Friday, September 28, 2007
Joseph M. Dodge (Florida State) has posted The Netting of Costs Against Income Receipts (Including Damage Recoveries) Produced By Such Costs, Without Barring Congress from Disallowing Such Costs, 27 Va. Tax Rev. ___ (2006). Here is the abstract:
The principal thesis is that, under the federal income tax, costs of obtaining specific sums of money should be capitalized (as opposed to being treated as expenses), just as costs of obtaining property should be so capitalized. Since this article deals with costs of obtaining or receiving specific "cash amounts," it propounds what can be referred to as a netting or offset rule, principle, or thesis. The netting thesis is a straightforward application of the capitalization principle that would operate (notwithstanding perceived current tax accounting conventions) without regard to the arbitrary confines of the taxable year.
The netting thesis is opposed by the IRS, most conspicuously in the case of legal fees incurred by successful litigation plaintiffs (typically under contingency-fee arrangements) in obtaining non-excludible damages and settlement awards. The Service claims that such litigation costs are deductible under § 212(1) as expenses for the production or collection of income, but it turns out that such expenses are strongly disfavored as miscellaneous itemized deductions. The 2005 case of Commissioner v. Banks, which rejected an assignment-of-income theory for excluding from a plaintiff's income amounts paid to attorneys, declined to entertain the netting thesis on the ground that the issue wasn't ripe. Plaintiffs in certain situations have obtained tax relief under § 62(a)(20), enacted in late 2004.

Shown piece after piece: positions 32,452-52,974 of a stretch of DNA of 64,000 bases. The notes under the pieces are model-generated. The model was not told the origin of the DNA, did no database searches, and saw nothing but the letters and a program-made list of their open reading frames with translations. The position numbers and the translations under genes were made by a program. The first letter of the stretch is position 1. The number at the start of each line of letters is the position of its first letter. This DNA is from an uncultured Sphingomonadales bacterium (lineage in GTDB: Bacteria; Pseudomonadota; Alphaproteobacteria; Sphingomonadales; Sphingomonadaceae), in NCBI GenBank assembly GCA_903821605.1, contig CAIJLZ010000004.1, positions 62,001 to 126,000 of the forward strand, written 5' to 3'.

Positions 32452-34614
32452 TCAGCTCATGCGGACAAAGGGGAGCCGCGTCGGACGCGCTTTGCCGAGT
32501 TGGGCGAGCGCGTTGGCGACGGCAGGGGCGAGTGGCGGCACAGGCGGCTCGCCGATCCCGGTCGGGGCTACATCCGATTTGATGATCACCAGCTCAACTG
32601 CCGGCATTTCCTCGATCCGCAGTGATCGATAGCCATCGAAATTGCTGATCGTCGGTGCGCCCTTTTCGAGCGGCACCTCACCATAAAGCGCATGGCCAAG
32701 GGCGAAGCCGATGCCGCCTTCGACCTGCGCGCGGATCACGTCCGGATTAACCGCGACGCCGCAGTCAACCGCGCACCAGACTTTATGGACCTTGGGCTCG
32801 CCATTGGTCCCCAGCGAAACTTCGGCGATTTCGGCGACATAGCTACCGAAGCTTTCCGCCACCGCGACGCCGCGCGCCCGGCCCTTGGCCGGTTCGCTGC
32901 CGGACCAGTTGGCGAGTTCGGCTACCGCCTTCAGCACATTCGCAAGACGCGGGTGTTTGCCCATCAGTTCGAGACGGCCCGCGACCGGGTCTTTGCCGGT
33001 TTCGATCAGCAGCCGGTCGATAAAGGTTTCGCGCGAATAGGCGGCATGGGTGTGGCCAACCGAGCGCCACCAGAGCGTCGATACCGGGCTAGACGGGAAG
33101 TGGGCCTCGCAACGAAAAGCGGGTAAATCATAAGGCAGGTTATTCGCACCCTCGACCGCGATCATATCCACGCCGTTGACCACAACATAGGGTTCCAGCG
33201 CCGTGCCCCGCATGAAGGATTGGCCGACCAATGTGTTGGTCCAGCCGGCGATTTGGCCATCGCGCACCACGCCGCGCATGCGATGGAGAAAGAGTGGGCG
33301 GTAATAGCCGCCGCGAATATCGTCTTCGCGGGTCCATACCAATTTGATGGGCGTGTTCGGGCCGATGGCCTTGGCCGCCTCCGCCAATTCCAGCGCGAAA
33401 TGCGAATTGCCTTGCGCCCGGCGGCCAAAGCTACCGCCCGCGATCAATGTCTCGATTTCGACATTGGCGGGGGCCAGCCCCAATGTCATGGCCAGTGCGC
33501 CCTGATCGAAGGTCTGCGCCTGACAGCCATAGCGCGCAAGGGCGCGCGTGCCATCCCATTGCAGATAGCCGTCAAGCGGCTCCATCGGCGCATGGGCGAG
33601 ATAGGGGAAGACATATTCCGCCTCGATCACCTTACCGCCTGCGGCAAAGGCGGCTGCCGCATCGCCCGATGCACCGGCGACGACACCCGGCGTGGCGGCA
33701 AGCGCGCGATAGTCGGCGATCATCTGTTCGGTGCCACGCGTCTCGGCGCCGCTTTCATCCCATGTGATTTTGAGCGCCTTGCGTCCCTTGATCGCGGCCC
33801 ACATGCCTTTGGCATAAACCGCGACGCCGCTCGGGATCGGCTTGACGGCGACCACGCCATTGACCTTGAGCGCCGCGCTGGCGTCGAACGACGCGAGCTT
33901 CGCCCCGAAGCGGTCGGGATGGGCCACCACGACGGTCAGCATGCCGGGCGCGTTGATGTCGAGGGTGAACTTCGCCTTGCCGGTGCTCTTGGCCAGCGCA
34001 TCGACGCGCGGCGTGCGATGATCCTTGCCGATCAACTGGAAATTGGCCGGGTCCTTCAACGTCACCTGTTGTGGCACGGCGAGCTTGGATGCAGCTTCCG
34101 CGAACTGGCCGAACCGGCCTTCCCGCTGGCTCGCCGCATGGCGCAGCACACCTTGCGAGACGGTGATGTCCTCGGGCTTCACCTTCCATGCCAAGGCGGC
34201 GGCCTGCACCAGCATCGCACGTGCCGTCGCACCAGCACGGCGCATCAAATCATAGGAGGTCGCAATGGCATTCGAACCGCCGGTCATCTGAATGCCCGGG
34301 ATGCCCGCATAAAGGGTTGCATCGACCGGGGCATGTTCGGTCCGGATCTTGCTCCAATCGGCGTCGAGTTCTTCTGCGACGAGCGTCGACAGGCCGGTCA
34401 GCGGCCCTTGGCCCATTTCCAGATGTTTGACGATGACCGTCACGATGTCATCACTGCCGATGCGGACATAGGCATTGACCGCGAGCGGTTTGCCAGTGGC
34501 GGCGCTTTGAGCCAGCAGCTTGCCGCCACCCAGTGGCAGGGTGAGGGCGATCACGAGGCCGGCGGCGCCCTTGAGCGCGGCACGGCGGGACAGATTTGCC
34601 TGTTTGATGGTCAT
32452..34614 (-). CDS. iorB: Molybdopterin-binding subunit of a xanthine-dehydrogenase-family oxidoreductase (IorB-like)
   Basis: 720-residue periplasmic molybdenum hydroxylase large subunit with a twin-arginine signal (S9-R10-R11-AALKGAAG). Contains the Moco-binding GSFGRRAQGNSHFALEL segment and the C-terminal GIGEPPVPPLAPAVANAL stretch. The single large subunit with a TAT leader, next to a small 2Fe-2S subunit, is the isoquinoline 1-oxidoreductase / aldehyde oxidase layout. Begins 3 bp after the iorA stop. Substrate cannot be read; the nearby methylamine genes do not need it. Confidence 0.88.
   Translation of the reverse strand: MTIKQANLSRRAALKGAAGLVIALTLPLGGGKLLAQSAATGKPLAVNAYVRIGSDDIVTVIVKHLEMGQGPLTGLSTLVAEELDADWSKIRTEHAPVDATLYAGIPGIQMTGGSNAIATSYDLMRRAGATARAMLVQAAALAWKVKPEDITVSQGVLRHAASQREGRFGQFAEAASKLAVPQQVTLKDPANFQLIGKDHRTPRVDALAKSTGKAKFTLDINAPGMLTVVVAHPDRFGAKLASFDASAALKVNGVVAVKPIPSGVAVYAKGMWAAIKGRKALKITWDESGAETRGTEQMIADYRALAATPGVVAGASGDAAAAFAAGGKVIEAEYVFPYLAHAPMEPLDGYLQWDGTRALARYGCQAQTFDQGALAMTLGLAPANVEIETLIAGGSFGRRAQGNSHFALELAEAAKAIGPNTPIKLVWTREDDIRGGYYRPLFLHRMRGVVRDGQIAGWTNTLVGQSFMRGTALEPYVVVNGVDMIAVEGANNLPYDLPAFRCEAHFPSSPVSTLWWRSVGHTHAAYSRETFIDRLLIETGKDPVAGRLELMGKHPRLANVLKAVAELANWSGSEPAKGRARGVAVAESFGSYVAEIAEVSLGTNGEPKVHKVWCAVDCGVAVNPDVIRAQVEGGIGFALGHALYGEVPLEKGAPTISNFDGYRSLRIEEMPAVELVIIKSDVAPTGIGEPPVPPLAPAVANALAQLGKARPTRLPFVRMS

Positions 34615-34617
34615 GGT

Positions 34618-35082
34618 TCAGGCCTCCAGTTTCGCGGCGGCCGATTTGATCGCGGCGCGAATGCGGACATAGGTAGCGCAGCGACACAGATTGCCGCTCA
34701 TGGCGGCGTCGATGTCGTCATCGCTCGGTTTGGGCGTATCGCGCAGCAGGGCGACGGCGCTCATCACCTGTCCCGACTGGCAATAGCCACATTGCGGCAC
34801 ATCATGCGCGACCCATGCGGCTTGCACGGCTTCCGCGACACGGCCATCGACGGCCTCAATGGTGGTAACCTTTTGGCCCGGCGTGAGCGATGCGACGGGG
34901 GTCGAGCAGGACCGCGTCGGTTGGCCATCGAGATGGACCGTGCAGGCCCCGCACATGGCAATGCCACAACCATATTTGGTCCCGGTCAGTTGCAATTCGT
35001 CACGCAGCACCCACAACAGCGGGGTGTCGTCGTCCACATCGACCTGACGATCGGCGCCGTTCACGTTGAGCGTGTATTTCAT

This article argues that the netting thesis should be adopted by the courts and/or Treasury. After laying out the deep theory of capitalization, various doctrinal strands (pro and con) are examined. It is concluded that adoption of the netting thesis can be done within existing doctrine and without rendering § 212(1) without relevance. It is also argued that there is no difference in "constitutional" status between basis recovery and expenses, with the consequence that Congress has the power to disallow them equally.